I'm trying to cut back on eating meat. Do you have any suggestions for replacing some or all of the meat in my diet?
If I were answering this question fifteen or twenty years ago, my answer would have been much different. I would have focused my answer on using texturized vegetable protein (TVP) to substitute meat and combining incomplete proteins to provide complete proteins (such as mixing beans and rice). Modern research has subsequently recognized that such an approach is not necessary. Today, cutting back on meat is easier than ever!
There are numerous meat substitutes on the market and as the benefits of this type of diet are further acknowledged, the increased demand is resulting in more competition and more products on the shelves everyday. You name it - hotdogs, lunchmeat, turkey and chicken cutlets, chicken tenders, sausage links, buffalo wings, ground beef crumbles, meatloaf, breakfast patties, and shredded barbeque beef meat substitutes are abundant. They are typically made from wheat gluten and soy protein; however, some are made with grains, vegetables and legumes such as lentils. All are healthy alternatives to higher fat animal products. In addition to the health food stores popping up everywhere, even regular grocery stores and superstore chains such as Wal-Mart and Costco now carry a variety of these meatless options. And these aren't substitutes that reminisce of eating cardboard either. They are as tasty and as similar to the animal product as they have ever been! I have my favorites and, in my opinion, some are better than others. However, experimenting with various brands and products will allow you to see which ones your taste buds prefer.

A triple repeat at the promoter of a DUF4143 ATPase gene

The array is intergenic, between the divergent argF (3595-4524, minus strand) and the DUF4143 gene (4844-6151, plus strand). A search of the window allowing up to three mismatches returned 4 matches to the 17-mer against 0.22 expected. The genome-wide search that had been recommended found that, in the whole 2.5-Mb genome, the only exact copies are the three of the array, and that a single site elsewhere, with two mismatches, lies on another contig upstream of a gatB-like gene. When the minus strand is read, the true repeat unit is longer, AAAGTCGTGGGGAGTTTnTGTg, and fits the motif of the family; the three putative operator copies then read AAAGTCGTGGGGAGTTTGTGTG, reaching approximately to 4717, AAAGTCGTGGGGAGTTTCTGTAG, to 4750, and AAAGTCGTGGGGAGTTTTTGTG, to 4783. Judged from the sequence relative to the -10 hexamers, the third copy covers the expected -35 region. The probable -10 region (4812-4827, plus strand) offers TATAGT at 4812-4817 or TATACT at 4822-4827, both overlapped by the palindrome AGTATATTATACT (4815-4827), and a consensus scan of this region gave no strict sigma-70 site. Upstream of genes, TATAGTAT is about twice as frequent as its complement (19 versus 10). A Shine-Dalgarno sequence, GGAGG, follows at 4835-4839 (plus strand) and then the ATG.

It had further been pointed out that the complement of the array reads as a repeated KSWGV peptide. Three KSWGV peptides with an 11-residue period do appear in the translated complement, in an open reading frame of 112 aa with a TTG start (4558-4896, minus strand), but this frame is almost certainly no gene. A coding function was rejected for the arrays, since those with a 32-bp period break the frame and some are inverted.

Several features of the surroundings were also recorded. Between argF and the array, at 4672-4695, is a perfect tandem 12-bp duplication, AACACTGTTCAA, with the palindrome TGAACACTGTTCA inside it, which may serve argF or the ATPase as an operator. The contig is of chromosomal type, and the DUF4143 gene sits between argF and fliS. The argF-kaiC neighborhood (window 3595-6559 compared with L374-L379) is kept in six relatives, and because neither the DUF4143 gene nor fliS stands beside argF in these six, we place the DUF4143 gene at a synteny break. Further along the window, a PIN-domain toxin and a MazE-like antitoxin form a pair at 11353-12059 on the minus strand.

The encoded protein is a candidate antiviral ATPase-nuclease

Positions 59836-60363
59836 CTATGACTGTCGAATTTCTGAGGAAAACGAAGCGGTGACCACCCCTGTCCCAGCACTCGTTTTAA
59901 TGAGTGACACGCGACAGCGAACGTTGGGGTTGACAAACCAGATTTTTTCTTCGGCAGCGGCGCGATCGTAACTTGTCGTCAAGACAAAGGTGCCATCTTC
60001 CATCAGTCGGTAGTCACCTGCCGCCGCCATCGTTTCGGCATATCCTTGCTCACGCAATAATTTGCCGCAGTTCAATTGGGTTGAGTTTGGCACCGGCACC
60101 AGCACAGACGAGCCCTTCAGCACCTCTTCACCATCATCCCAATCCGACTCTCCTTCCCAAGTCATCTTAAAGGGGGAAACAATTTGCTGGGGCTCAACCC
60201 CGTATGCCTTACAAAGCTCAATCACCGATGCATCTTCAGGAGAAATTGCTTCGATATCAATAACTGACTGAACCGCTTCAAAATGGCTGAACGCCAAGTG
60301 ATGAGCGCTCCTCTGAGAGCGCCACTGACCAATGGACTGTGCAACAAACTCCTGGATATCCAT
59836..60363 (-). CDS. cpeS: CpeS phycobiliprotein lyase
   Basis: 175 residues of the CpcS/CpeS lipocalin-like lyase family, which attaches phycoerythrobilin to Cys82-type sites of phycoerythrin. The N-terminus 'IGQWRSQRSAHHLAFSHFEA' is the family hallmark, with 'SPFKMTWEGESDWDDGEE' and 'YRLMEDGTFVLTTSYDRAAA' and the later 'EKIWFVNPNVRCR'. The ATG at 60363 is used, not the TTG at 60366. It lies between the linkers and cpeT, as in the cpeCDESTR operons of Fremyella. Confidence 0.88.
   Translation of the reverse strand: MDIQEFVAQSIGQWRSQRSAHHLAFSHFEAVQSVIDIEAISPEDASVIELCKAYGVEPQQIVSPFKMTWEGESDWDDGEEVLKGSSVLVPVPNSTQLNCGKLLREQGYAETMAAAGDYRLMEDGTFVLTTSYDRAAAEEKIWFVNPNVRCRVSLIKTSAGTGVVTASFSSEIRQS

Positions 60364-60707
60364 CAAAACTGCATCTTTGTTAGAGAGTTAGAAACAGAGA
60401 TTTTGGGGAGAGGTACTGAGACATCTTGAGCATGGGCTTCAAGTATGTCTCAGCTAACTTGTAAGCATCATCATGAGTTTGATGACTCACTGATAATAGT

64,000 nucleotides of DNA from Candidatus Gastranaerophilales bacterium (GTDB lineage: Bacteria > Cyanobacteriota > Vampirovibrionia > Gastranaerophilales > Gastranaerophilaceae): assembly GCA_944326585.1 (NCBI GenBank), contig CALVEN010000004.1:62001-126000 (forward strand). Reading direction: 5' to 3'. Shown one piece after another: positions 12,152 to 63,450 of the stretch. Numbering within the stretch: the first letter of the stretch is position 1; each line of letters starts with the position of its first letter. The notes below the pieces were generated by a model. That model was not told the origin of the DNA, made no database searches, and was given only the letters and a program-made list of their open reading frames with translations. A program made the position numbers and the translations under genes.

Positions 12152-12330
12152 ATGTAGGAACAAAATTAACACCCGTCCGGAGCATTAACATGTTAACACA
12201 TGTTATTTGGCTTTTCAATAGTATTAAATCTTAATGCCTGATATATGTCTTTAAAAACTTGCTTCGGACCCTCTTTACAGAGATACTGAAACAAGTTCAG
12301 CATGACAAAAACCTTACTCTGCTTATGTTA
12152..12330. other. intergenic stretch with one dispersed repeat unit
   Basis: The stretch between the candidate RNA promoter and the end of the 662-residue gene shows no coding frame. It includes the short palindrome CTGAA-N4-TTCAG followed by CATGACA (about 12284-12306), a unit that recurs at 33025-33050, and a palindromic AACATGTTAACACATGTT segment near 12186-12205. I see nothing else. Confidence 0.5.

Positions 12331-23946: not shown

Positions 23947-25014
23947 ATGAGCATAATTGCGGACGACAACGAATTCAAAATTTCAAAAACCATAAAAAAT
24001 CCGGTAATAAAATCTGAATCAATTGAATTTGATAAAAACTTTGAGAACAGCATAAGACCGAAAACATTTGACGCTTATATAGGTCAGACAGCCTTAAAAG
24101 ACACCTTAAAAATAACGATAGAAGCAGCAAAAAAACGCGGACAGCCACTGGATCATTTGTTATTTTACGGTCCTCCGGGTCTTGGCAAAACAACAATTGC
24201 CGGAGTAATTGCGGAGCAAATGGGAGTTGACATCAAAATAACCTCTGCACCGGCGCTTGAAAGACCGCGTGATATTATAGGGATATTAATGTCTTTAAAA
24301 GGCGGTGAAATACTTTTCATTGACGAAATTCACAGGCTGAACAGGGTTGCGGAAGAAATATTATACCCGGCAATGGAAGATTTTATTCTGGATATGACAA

Of course, don't forget the obvious solution of simply cutting back on the size of meat portions or completely replacing meat with increased servings of vegetables or legumes at some meals. We now know that our protein needs can typically be met through the consumption of a varied diet of vegetables, beans and legumes, whole grains and cereals, nuts and seeds, and dairy products or diary-like products, such as soymilk.
There are many excellent vegetarian cookbooks and recipes online. Almost any recipe can be adjusted to make it meatless. For instance, the meat in most Mexican food can be replaced with beans, rice, cheese, or vegetarian beef crumbles. Try some products that may be new to you, such as marinated tofu or hummus spread, which is a chick pea paste - excellent spread for sandwiches. Experiment with a variety of meatless meals until you find a few that you really like and will be able to easily integrate into your weekly menu. Once your comfort level increases, planning meatless meals becomes second nature. Enjoy your new taste bud experiences!
Our expert, Dr. Sharon E. Griffin, holds a B.S., M.S., and Ph.D. in the areas of exercise science/physiology. She also holds a second M.S. degree in Nutrition and is a licensed nutritionist and an ACSM certified health and fitness instructor.
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